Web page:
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OMB ‘Open Government’ Plan May Boost Disclosure Of Key Agency Data


Date: December 15, 2009 -

Activists are applauding a new White House Office of Management & Budget (OMB) “open government” plan that they say may spur greater disclosure of “high-value” information from EPA and other agencies, while industry officials argue the plan may require greater agency application of data quality requirements to its information.

OMB Director Peter Orszag issued a memo Dec. 8 in which he directs federal agencies to publish more information online, improve the quality of government information, “create and institutionalize a culture of open government,” and develop an “enabling policy framework” for the initiatives. Orszag also establishes several deadlines for agencies to act in meeting provisions of the plan. The memo is available on

The memo is in response to President Obama’s Jan. 21 open government memo that focused on increasing transparency, public participation and collaboration between the various federal agencies.

Among the various requirements Orszag lays out in his memo is a provision for “senior leaders” to make certain that their information conforms to OMB guidance on information quality, in line with the Data Quality Act (DQA) which allows challenges to agencies’ data. In the memo -- which refers to the DQA as the Information Quality Act -- Orszag says that adequate processes must be in place to ensure data conforms to the data law.

One industry source says OMB appears to be “linking the quality of data to the transparency argument very explicitly in this memo,” which could have implications for EPA if the agency is required to apply the information quality guidelines to its numerous databases and new data it may release under the memo. The new plan tells the agencies to “not assume data is accurate, [and the agency] has to do some data quality checking,” the source says.

In addition, Orszag in his memo requires that within 45 days agencies in consultation with OMB, shall “designate a high-level senior official to be accountable for the quality and objectivity of, and internal controls over, the federal spending information publicly disseminated through such public venues as” or other Web sites.

The industry source says this “opens a lot of doors” towards applying DQA to agency budget and financial data. For example, EPA stimulus funding for cleaning up underground tanks could be quizzed for more specific data on how the money was spent, what was cleaned up and how many jobs were created, the source claims, which could open the information up to challenges by industry.

However, activists downplay as “wishful thinking” the suggestion that the plan outlined in the memo could boost requirements to apply DQA to agency data. A source with OMB Watch says the document could “open the door a crack” for broader use of the data quality law, but says the emphasis of the memo’s provisions seems to be on improving the quality of financial data, not requiring agencies to apply the act to all data.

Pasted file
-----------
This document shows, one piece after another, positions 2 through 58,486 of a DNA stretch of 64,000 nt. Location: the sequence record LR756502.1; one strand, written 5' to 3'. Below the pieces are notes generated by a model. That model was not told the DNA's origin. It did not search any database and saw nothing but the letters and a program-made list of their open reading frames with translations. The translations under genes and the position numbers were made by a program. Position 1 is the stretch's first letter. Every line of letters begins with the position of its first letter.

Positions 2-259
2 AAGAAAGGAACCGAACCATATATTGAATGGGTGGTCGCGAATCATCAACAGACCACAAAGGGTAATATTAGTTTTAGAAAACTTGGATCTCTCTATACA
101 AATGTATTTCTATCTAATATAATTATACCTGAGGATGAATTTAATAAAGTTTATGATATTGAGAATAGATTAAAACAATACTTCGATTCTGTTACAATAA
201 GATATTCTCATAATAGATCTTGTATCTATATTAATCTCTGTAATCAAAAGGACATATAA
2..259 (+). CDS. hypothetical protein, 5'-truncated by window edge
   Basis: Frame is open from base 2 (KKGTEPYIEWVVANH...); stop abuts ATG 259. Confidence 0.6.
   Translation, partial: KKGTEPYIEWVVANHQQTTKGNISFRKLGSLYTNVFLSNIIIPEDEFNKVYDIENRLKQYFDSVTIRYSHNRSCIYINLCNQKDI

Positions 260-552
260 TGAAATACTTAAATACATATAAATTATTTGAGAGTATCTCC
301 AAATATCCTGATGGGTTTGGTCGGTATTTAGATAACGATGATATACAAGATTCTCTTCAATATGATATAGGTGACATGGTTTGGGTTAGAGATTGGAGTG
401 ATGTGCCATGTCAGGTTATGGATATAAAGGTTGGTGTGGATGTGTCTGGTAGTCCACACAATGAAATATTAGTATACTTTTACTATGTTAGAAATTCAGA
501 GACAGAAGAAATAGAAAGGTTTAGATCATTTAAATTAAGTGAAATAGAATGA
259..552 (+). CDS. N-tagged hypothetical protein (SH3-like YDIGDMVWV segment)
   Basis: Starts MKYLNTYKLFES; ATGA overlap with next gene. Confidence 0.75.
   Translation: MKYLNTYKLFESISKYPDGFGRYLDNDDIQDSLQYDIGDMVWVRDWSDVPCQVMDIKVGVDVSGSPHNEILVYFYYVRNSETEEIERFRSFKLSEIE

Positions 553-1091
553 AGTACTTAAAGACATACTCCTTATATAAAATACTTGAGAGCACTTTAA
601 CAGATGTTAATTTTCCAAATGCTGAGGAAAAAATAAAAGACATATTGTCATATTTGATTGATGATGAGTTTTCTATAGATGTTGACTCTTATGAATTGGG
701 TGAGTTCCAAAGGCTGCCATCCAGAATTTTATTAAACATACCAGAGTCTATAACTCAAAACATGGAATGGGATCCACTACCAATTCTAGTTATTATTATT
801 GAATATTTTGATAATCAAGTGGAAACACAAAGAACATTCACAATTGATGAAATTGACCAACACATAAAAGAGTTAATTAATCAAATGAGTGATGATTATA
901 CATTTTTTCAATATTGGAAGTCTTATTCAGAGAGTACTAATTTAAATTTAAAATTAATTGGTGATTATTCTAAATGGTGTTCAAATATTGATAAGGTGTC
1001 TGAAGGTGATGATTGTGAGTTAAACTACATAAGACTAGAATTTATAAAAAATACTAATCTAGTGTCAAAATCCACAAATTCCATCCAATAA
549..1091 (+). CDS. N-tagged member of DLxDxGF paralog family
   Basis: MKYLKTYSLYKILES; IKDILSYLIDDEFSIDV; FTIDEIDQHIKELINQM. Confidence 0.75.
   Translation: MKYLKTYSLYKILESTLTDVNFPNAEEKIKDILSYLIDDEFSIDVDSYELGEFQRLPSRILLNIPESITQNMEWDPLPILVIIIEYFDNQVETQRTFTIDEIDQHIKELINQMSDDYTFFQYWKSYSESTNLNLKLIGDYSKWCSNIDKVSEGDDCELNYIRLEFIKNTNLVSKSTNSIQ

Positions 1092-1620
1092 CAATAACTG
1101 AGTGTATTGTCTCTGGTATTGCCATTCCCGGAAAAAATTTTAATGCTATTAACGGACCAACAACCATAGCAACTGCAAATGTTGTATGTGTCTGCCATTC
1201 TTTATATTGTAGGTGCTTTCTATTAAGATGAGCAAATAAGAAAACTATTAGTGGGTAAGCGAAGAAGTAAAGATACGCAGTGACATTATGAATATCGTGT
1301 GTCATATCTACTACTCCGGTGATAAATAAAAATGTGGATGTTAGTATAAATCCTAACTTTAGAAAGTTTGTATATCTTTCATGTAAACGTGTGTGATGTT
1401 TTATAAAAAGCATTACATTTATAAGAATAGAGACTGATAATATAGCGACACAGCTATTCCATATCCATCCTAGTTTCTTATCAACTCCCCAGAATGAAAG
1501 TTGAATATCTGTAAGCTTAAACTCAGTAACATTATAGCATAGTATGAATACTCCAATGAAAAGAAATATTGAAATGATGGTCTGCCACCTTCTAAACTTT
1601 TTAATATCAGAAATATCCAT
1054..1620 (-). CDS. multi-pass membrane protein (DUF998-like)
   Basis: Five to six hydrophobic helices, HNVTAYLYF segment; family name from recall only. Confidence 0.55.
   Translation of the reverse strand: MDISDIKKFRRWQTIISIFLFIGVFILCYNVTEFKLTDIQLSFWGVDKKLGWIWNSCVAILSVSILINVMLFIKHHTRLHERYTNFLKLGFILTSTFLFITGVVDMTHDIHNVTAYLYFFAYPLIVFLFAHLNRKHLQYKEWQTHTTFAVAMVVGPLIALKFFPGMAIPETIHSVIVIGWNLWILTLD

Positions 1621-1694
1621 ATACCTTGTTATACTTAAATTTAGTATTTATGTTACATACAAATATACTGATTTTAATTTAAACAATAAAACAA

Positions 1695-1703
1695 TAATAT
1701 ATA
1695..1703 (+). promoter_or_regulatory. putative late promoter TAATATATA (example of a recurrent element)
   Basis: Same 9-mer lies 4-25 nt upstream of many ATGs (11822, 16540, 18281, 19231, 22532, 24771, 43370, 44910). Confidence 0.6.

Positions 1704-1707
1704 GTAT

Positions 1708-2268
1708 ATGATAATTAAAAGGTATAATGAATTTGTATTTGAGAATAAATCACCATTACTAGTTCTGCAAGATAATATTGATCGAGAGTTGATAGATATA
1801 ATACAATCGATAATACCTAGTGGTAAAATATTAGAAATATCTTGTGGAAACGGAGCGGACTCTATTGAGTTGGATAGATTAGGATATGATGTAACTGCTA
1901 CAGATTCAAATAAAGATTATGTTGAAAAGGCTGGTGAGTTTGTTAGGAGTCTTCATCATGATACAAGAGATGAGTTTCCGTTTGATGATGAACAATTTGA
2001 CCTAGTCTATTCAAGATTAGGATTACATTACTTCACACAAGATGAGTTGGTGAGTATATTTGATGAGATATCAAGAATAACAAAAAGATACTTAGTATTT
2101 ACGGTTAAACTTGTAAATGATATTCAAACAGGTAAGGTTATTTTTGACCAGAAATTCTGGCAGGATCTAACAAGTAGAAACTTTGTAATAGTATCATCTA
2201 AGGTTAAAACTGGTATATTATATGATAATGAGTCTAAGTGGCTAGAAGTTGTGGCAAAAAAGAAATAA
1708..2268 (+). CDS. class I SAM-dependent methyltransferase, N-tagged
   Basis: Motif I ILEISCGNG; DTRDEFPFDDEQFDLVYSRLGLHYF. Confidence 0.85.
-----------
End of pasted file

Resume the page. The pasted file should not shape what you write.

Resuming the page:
The OMB Watch source points to the fact that the memo refers to the need for “adequate systems and processes” at the agencies to ensure data quality. “Most agencies have systems in place,” the source says, including peer review panels and quality checks of data. “You can’t get perfect data,” the source adds. “We want to perfect the quality of data within certain constraints,” including time and budget limitations.

Further, the source points out the additional guidance in the memo is geared towards financial and budgetary data, including the possibility of further guidance, which the OMB Watch source says is indicative of recent problems with the information, for example, data on the impacts of the economic stimulus.

In a statement, the executive director of OMB Watch, Gary Bass, said the “directive’s presumption of openness -- certainly a positive step -- reflects a thoughtful understanding that achieving the goal of transparency requires a cultural shift in the way government operates.” He continues, “The directive’s scope and specificity blends both rigorous timelines and agency flexibility that will likely achieve significant improvements in government openness across agencies.”

In addition to Orszag’s requirement that agencies follow DQA guidelines to ensure the quality of their information, the new plan also requires federal agencies to develop an “open government plan” to implement the principles, including at least one new “flagship initiative” on transparency, participation or collaboration.

Orszag also asks agencies to formulate a “strategic action plan” that “inventories agency high-value information currently available for download; fosters the public’s use of this information to increase public knowledge and promote public scrutiny of agency services; and identifies high value information not yet available and establishes a reasonable timeline for publication online in open formats with specific target dates.”

Agencies are asked to propose new “feedback mechanisms” to increase the opportunities for public participation. Agencies are also asked to revise current practices to increase collaboration with “other federal and non-federal governmental agencies, the public, and non-profit and private entities in fulfilling the agency’s core mission activities.” -- Aaron Lovell

Source: Risk Policy Report via

Date: December 15, 2009

Issue: Vol. 16, No. 50

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